The FA must take a leaf out of British Cycling’s book with St George’s Park:


The brand new complex at St George’s Park in Staffordshire is impressive. At 330 acres, it contains amongst other things an exact replica of the Wembley turf, an indoor 3G artificial pitch, an altitude chamber, and a running track. Most importantly though, it has the potential to develop a new ‘Team England’, much like the Manchester Velodrome did for British Cycling. It is this model that must be the blueprint for the FA to follow if England is to achieve success.

Of course, it is not as simple as just replicating the success of cycling as there are numerous variants such as surroundings and personalities that make it different. Also as a sport, football is not like cycling, and vice-versa, and therefore any attempt at replication in that sense is invalid.

It is the approach and attitude that bred the success of British Cycling which needs to be attained and adapted to fit within football’s framework. Richard Moore’s ‘Heroes, Villains and Velodromes’ particularly emphasised the impact the Manchester Velodrome had on the success. With a base that was state of the art, the message spread to the cyclists that they had the potential to achieve and the backing to realise that potential. This helps create self belief, something very important for athletes and something the England men’s team always seem in need of when it comes to a penalty shoot-out.

At £105 million there have been understandable questions raised as to whether this is money well spent. Could the funds have been distributed to all levels for better facilities, equipment and coaching rather than something that appears elitist in access? Throwing money at a problem does not solve it, but merely papers over the cracks. In this case though, facilities have been created which appear to want to tackle English football at its roots, even if it’s only international players that will physically experience it. The coaching programmes that will be run will provide the best opportunity to create the best coaches.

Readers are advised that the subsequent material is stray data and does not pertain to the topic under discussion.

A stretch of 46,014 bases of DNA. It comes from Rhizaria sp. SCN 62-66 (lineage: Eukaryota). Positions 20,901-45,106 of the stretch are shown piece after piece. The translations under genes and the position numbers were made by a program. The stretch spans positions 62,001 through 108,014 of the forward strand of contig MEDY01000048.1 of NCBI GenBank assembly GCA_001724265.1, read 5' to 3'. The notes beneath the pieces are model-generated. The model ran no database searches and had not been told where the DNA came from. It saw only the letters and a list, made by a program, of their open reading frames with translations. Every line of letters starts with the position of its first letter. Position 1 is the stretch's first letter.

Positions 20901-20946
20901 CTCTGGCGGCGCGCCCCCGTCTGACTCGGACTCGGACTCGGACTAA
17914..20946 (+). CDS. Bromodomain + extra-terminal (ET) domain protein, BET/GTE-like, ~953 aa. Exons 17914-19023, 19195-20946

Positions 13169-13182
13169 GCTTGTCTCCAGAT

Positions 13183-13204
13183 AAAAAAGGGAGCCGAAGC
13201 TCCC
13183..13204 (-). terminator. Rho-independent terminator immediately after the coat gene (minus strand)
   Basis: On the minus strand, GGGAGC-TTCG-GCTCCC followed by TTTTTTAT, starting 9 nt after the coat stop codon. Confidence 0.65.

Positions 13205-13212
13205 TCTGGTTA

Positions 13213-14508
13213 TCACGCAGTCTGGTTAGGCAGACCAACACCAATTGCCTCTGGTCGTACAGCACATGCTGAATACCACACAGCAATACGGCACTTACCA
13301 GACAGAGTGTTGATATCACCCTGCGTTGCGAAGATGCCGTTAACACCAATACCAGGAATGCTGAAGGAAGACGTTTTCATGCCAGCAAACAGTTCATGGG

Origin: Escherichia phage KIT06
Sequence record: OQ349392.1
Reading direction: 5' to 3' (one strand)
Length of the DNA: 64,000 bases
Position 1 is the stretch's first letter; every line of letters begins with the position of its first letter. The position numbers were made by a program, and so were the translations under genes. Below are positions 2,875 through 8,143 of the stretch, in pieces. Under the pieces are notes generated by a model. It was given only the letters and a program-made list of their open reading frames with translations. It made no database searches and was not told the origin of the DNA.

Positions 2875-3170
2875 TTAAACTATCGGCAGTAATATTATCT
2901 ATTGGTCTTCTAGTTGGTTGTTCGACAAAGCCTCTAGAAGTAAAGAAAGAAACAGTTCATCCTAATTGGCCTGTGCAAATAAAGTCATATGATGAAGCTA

In addition to this, the latest developments in sport science will be readily available to help better understand the human body during the game and identify ways of improving. The game has become so much more technical that this is going to be an added advantage for analysis. Again, British Cycling have been pioneers in this field and the rewards for their endeavour are clear to see.

This is arguably one of the most positive steps the FA has ever taken for football’s development. But at the moment that is all it is, a step. It is unlikely that the effects of this process will be felt before the turn of the decade; what has been created at Burton is a long-term project. The FA still needs to take a look at itself and conduct a complete restructure to complement these new facilities. It is no good creating the possibility of achieving success without having an administrative organisation that can effectively implement this.

The players of the next generations will also have responsibility on their shoulders. When it comes down to it, it will be them who are actually trying to execute everything that will have gone before. If in, say, 20 years time the England team as a whole, that is men’s and women’s and  juniors up to senior’s, have failed to show improvement then they, along with the FA will be at fault. But the plan is right, the inspiration and precedent is available, and the chance is now there. This could create a true ‘Golden Generation’ with a real justification for that label. Let this be the beginning of something new.

Find me on Twitter here: @dmsmith1987

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